Inside the brotherhood: Thoughts on fraternity violence

Raymund E. Narag, PhD

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Inside the brotherhood: Thoughts on fraternity violence
So many young promising men had been put to waste. So many dreams had been shattered. So many families had been broken.

Another young promising man, Horacio Tomas Castillo III, died in fraternity hazing. A law student, he died as he underwent physical initiations in the hands of his future brothers. Many more fratmen will be made to pay the price for his death.

While we call for justice and that punishments must be exacted on individuals who inflicted such horror and suffering, we could just lament why our educational system systematically produces young promising men, only to reduce them to such a barbaric state.

I once had the misfortune of being entangled in the issue of fraternity violence. And I suffered much. That is why it had been one of my advocacies to curb fraternity violence. The only way I can do this is to educate people about the fraternity system and describe it from a dispassionate point of view. (READ: Youth groups condemn death of UST student Horacio Castillo III)

Below is my long reflection on the state of the fraternity system. It was written right after my acquittal from a murder case. Please share with every parent and everyone who cares about the future of their children.

So many young promising men had been put to waste. So many dreams had been shattered. So many families had been broken.

The fraternity system has become a big black hole that sucks these young promising men to their graves. The fraternity as an institution, despite its noble and lofty ideals, has degenerated into becoming a barbaric gang. Internally, its organizational structure has become so hierarchically feudal, with the head becoming the law and the members losing their individuality. Externally, it has imbibed the culture of the tribesmen and treats other tribes as an unforgivable “enemy”.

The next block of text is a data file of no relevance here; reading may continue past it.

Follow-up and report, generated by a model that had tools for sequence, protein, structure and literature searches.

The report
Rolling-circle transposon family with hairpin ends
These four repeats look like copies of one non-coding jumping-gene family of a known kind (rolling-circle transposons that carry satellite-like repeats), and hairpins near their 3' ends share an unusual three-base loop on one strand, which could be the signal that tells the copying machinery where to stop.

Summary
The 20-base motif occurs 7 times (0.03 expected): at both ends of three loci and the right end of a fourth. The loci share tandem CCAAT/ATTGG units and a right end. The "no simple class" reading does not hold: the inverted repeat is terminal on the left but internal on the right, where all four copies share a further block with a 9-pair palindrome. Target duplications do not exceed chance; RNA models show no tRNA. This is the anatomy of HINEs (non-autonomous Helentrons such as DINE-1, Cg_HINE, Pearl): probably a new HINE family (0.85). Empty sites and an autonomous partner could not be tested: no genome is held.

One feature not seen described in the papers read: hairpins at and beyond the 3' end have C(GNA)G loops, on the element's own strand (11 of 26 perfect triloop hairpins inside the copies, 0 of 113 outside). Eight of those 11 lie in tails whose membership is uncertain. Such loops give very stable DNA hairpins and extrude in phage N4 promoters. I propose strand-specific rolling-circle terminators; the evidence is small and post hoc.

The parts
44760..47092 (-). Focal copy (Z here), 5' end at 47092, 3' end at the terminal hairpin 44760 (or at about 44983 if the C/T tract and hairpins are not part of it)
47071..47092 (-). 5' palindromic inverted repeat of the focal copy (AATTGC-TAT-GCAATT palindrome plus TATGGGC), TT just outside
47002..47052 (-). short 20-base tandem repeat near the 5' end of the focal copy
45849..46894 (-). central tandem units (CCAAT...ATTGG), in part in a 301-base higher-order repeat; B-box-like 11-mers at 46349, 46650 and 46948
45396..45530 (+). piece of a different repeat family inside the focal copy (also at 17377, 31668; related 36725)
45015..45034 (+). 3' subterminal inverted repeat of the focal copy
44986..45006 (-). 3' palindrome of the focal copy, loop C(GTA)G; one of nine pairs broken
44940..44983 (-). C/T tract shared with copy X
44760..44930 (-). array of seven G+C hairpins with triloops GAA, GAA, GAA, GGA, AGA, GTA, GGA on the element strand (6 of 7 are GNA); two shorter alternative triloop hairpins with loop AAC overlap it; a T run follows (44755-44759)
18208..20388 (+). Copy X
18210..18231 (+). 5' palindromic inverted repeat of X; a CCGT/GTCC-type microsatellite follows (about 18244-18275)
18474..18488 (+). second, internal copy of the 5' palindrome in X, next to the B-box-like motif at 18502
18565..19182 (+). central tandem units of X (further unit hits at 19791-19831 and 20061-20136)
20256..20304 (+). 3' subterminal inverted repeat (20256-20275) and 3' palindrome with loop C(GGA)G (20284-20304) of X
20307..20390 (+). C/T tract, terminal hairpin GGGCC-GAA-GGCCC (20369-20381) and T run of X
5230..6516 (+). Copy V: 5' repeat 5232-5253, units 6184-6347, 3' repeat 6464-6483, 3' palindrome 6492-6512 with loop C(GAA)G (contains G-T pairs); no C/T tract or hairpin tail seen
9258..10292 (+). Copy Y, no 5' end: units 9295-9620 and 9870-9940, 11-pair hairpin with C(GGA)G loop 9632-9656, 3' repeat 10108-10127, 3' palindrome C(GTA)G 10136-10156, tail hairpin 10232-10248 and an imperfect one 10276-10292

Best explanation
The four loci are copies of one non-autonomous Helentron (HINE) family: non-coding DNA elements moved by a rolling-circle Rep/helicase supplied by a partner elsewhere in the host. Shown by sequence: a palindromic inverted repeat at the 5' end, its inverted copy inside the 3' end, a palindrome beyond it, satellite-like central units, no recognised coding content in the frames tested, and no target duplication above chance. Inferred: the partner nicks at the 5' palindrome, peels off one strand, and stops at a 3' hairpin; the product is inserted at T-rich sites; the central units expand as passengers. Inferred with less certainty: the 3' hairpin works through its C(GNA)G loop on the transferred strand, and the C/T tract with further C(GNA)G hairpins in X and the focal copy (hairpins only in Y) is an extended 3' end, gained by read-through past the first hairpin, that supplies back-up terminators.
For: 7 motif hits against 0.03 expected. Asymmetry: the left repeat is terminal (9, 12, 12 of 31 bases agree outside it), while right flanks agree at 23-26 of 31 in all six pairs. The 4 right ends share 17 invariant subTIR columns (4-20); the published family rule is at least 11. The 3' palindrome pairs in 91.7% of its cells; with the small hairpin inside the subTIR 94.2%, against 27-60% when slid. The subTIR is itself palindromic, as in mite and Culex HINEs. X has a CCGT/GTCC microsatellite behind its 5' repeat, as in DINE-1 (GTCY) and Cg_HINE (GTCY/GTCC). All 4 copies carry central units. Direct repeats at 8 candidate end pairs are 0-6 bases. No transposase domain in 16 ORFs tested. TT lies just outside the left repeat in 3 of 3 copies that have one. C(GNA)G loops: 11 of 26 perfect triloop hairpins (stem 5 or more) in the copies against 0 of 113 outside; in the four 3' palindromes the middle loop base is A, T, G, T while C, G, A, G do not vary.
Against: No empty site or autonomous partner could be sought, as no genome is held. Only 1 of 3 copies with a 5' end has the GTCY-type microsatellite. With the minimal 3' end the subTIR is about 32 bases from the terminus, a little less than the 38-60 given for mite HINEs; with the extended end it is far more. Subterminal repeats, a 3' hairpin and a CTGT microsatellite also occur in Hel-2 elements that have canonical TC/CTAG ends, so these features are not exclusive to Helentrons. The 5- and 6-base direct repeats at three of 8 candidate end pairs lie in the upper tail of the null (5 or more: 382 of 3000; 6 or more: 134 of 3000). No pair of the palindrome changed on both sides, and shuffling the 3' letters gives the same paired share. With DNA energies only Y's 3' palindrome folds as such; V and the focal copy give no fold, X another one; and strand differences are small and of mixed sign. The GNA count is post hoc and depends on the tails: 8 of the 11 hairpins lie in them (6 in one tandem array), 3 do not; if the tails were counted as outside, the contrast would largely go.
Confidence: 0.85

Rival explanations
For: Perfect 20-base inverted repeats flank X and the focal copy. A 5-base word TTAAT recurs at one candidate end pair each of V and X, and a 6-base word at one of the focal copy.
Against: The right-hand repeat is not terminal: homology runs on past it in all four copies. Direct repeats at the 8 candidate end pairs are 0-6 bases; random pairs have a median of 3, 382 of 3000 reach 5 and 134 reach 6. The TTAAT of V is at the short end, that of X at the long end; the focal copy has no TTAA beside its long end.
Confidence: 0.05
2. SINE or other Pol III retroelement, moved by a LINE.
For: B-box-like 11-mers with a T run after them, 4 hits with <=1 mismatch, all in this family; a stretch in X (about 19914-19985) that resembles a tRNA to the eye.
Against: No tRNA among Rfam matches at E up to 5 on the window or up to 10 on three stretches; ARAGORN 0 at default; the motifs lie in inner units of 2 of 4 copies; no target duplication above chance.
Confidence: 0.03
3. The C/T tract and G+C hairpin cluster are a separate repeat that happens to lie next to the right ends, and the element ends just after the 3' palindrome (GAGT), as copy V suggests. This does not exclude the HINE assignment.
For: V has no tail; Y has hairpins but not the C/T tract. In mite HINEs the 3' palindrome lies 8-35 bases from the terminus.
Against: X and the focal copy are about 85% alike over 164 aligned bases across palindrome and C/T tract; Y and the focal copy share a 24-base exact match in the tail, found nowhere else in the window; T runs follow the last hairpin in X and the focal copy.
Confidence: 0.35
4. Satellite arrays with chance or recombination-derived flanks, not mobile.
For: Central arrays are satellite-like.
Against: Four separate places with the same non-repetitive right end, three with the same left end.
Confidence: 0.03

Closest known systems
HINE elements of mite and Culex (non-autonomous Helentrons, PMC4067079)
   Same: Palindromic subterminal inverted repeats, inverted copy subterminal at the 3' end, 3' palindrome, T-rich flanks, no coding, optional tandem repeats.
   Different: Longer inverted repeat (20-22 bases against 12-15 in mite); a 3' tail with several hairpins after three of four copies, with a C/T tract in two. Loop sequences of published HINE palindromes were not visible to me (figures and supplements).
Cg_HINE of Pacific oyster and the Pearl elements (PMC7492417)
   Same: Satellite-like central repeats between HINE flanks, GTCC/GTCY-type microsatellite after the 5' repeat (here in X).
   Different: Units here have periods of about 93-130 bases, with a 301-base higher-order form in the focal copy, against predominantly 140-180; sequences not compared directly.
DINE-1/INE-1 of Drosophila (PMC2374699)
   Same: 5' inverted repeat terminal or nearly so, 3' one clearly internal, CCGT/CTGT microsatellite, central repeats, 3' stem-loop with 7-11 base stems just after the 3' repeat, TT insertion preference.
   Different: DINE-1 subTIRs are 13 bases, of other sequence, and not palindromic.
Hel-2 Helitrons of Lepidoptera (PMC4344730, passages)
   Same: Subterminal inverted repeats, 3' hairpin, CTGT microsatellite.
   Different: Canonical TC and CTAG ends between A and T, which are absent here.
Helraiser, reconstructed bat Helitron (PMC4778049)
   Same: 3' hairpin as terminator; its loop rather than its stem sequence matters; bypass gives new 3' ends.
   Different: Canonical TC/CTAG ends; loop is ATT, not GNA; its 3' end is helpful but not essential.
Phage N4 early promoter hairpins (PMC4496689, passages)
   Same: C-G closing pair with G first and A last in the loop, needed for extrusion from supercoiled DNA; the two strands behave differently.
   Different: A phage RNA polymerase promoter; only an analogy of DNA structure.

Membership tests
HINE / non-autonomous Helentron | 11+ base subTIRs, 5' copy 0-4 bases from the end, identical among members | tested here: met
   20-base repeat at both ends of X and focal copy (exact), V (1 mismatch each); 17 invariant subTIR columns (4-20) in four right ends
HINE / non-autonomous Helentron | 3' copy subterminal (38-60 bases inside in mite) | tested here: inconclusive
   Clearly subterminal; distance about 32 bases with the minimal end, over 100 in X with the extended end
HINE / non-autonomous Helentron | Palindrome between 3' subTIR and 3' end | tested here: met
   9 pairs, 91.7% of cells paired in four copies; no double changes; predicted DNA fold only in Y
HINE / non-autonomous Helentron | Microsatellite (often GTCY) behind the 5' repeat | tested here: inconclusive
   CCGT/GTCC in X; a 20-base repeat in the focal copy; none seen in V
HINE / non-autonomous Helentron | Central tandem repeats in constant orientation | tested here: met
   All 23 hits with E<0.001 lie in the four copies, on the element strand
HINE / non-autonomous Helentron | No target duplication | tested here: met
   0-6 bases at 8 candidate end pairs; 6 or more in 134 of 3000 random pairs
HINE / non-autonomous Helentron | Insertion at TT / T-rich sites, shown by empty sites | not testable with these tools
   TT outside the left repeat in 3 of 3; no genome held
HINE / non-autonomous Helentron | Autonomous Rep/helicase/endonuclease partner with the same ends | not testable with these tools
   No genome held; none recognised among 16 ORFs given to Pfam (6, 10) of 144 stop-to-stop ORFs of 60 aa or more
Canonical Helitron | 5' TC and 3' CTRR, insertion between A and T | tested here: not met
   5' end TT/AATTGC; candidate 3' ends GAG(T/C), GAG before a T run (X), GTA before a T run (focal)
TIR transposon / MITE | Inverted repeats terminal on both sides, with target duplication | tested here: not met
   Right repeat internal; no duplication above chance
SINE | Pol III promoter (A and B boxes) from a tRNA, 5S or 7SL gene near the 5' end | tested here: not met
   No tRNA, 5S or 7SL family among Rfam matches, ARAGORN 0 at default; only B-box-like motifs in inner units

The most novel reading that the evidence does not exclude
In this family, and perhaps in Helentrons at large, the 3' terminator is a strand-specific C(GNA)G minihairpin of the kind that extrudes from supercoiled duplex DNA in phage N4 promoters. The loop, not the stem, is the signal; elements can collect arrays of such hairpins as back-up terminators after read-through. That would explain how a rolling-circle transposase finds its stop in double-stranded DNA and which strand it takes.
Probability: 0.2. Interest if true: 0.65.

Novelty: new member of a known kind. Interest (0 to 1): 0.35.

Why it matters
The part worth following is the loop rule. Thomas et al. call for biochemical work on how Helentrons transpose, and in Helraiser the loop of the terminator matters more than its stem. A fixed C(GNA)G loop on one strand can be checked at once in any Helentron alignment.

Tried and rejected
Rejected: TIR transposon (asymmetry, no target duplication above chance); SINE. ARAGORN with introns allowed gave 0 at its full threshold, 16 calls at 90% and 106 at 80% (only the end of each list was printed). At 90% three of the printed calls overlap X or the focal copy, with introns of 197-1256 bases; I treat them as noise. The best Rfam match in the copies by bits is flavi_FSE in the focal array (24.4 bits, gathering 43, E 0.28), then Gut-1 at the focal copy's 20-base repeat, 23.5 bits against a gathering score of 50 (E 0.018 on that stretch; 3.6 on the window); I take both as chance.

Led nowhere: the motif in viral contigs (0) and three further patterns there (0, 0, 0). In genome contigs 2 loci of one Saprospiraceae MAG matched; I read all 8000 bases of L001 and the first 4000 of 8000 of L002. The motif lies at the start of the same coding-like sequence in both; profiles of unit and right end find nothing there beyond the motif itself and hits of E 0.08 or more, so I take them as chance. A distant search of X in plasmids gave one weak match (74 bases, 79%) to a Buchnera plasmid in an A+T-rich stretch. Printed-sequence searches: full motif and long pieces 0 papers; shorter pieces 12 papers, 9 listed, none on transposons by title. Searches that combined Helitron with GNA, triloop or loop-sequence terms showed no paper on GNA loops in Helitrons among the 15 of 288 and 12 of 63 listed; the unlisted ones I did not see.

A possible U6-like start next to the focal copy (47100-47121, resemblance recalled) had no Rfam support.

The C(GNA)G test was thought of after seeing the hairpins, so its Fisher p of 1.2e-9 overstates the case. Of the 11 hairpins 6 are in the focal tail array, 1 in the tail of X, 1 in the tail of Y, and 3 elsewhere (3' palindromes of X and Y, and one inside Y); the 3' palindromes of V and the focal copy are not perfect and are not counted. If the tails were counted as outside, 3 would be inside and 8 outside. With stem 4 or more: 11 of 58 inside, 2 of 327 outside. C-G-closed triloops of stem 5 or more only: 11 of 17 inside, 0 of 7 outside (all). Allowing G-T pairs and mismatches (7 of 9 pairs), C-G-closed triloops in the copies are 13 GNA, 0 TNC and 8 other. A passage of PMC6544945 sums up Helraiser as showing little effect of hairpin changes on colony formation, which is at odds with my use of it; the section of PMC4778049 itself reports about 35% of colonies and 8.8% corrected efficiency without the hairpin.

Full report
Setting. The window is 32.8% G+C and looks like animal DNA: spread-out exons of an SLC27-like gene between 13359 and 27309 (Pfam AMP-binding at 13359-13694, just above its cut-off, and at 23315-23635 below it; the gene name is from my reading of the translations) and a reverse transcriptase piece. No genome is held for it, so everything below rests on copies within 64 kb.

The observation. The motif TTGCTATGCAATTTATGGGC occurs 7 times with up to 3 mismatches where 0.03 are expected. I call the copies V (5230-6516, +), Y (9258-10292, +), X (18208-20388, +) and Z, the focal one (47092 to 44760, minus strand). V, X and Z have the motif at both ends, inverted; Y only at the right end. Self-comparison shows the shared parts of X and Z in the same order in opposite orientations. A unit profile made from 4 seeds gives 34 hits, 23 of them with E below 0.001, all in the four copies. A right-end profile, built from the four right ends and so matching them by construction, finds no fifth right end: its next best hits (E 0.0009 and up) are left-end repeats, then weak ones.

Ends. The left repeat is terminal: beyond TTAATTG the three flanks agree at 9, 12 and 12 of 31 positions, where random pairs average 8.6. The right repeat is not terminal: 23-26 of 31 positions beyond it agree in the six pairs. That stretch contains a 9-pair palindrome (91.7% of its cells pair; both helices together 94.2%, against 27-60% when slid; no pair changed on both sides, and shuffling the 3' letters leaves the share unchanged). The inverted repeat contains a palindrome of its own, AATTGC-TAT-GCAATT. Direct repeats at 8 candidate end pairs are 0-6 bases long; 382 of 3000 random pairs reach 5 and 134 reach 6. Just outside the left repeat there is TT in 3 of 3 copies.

With the barbaric culture of the fraternities, school administrations have responded with iron fists. They apply more stringent measures and harsher penalties to those caught in the act of violence. Others have totally banned the formation of the fraternities in the campus and deny the fraternities’ existence. Some schools even equate frat members with criminals preying on unsuspecting students/victims.

The seeds of violence

Though cloaked with the noble and lofty visions such as academic excellence, nationalism, leadership, rule of law, intellectual integrity and other high principles, the fraternities developed strong organizational cultures that arose out of competition from other fraternities. The organizational culture, which has leanings toward violence, is what makes fraternities lost in their ideals.


The seeds of violence are sown into the heart of a fratman the moment he enters the fraternity. The rites of passage required before an applicant can be considered a “brother” is a ritual replete with physical and psychological violence. By testing the mettle through pain and humiliation, the new members are inducted to become blood brothers. In hazing or initiations, the neophytes are made to believe that their fraternity is the one and only fraternity that exists. All the rest are mere dance troupes. The “masters” would let their “neophytes” hate the “enemy” and vow for their enemy-fraternities’ destruction.

The physical violence impinged on frat member during initiations becomes the rationale for the acceptability of the other forms of violence. The members accept the violence as normal practice.

Fountains of hatred

The culture of hate is passed on from one generation to another. Stories of “war exploits” by senior and alumni members are told again and again to young members exhorting them to do their fair share in advancing the fraternity’s “glorious tradition.” They have evolved the “warrior class” to be the vanguard in the military efforts. The warrior class has the special mission of collecting information against the other parties, in plotting attacks and development of the paraphernalia of war. Members who do not adhere to the militarist tradition are considered outcasts or have low standing in the fraternity stature. The voices of those who cracked more skulls or who had proven themselves to be “the man” ring more stringently than those who wish to simply study and be an ordinary student.

Psychological violence